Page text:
Flashcards in AAFP Review Questions Deck (466)
Diabetes A1c goals
Most diabetics: <7%
<6.5% reasonable for patients w/ short duration of DM, long life expectancy, and no significant CV disease
7.5-8% reasonable for patients w/ short life expectancy, CV disease, 2+ CVD RFs, or duration of disease 10+ yrs
First line therapy for type 2 diabetes
Glucose monitoring in non-insulin DM?
Self-monitoring of blood glucose levels for patients taking non-insulin therapies does NOT significantly affect glycemic control
Drugs for postherpetic neuralgia
Topical: lidocaine patches, capsaicin cream
Oral: gabapentin, pregabalin, amitriptyline
Risks of PPIs
Fractures of the hip/wrist/spine, CAP, C. diff and other enteric infections, hypomagnesemia, cardiac events if administered w/ clopidogrel
First-line therapy for constipation in kids
Oral osmotic (e.g., PEG)
When can kids with lice return back to school?
Recurrent uveitis should raise suspicion for?
Most comon conditions assx w/ uveitis:
When should red eye be referred to ophtho?
Vision changes (could be glaucoma)
Empiric tx for classic pyelonephritis
Immune thrombocytopenic purpura presentation and treatment
Easy bruising, low platelets, giant platelets
Corticosteroids (IVIG and rituximab have also been used as first-line)
TMP/SMX if allergic or intolerant to macrolides
Which diabetes medication does not cause hypoglycemia?
Metformin (but there is risk for lactic acidosis)
Which vessels are present in the newborn umbilicus?
2 arteries and 1 vein
How to avoid kidney injury in rhabdomyolysis?
Rapid large infusions of isotonic saline
How to diagnose fibromyalgia?
Symptoms (NOT tender points)
How to enhance oral absorption of supplemental iron?
Vitamin C (or a meal high in meat protein)
Changes to pharmacokinetics that occur with aging
In older persons there
is a relative increase in body fat and a relative decrease in lean body mass, which causes increased
distribution of fat-soluble drugs such as diazepam. This also increases the elimination half-life of such
medications. The volume of distribution of water-soluble compounds such as digoxin is decreased in older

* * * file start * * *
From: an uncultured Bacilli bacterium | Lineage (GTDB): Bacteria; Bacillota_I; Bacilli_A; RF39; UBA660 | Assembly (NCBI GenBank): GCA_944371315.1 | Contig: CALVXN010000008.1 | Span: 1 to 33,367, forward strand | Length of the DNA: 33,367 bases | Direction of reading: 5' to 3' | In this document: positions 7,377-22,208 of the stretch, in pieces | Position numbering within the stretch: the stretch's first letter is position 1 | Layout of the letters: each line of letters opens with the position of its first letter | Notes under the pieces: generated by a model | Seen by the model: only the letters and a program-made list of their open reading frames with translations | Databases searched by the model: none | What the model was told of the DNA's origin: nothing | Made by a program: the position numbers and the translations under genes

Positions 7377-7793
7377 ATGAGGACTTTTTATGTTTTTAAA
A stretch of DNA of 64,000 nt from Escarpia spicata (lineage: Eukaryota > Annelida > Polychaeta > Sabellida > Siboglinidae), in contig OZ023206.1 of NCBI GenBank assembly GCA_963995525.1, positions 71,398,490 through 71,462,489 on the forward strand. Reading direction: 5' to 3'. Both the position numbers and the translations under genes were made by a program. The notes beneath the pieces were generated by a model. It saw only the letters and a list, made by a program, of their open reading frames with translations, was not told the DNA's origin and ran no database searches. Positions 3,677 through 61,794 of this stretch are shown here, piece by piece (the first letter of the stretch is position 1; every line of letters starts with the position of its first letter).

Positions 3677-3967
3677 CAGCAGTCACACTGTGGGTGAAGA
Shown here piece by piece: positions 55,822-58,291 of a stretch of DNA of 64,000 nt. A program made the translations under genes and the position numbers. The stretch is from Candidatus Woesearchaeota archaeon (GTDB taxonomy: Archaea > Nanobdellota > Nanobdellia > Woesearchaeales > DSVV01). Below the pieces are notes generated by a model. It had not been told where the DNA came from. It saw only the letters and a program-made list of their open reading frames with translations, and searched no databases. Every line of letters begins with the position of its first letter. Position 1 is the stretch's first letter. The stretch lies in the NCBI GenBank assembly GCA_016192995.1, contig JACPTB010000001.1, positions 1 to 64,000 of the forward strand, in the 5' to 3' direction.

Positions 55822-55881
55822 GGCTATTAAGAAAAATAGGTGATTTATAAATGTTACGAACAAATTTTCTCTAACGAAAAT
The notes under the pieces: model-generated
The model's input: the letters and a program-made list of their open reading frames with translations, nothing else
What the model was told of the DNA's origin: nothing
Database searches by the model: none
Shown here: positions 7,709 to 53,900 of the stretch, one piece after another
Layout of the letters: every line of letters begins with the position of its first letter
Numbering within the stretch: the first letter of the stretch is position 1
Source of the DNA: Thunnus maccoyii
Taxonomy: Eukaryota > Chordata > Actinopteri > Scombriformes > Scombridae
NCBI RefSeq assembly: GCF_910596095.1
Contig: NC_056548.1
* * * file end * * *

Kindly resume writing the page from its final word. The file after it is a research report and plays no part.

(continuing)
patients, which means a smaller dose is required to reach a given target plasma concentration. There is also
a predictable reduction in glomerular filtration rate and tubular secretion with aging, which causes
decreased clearance of medications in the geriatric population. The absorption of drugs changes little with
Which NSAID is not associated with an increased risk of MI and thus preferred in patients with cardiovascular risk factors?
NSAIDs cause an elevation of blood pressure due to their salt and water retention properties. This effect
can also lead to edema and worsen underlying heart failure. In addition, all NSAIDs can have a deleterious
effect on kidney function and can worsen underlying chronic kidney disease, in addition to precipitating
acute kidney injury. Celecoxib, ibuprofen, meloxicam, and diclofenac are associated with an increased risk
of cardiovascular adverse effects and myocardial infarction, compared with placebo. However, naproxen
has not been associated with an increased risk of myocardial infarction and is therefore preferred over
other NSAIDs in patients with underlying coronary artery disease risk factors
Acute laryngitis treatment
Acute laryngitis most often has a viral etiology and symptomatic treatment is therefore most appropriate.
A Cochrane review concluded that antibiotics appear to have no benefit in treating acute laryngitis.
How to check for hyperaldosteronism?
Peripheral aldosterone concentration
(PAC) and peripheral renin activity (PRA), preferably after being upright for 2 hours, are the preferred
screening tests for hyperaldosteronism. A PAC >15 ng/dL and a PAC/PRA ratio >20 suggest an adrenal
cause. Abdominal CT may miss adrenal hyperplasia or a microadenoma.
Tinea capitis treatment
ORAL antigungal (e.g. griseofulvin)
If a patient had shingles, should they get vaccine?
Mild: 1-3 topicals
Mod: 2-3 topicals +/- oral
Severe: orals w/ 2-3 topicals
What is a level D recommendation?
A “D” recommendation means the U.S. Preventive Services Task Force (USPSTF) recommends against
the service. There is moderate or high certainty that the service has no net benefit or that the harms
outweigh the benefits.
What is a level I recommendation?
An “I” recommendation means the USPSTF concludes that the evidence is lacking, of poor quality, or conflicting, and the balance of benefits and harms cannot be determined.
What is a level C recommendation?
A “C” recommendation means the USPSTF recommends selectively offering or providing this service to
individual patients based on professional judgment and patient preferences.
What is a level B recommendation?
A “B” recommendation means the USPSTF recommends the service. There is high certainty that the net benefit is moderate or there is moderate certainty that the net benefit
is moderate to substantial.
What is a level A recommendation?
An “A” recommendation means the USPSTF recommends the service and there is high certainty that the net benefit is substantial. The highest levels of evidence and most recent evidence
available are used by the USPSTF in making all of its recommendations.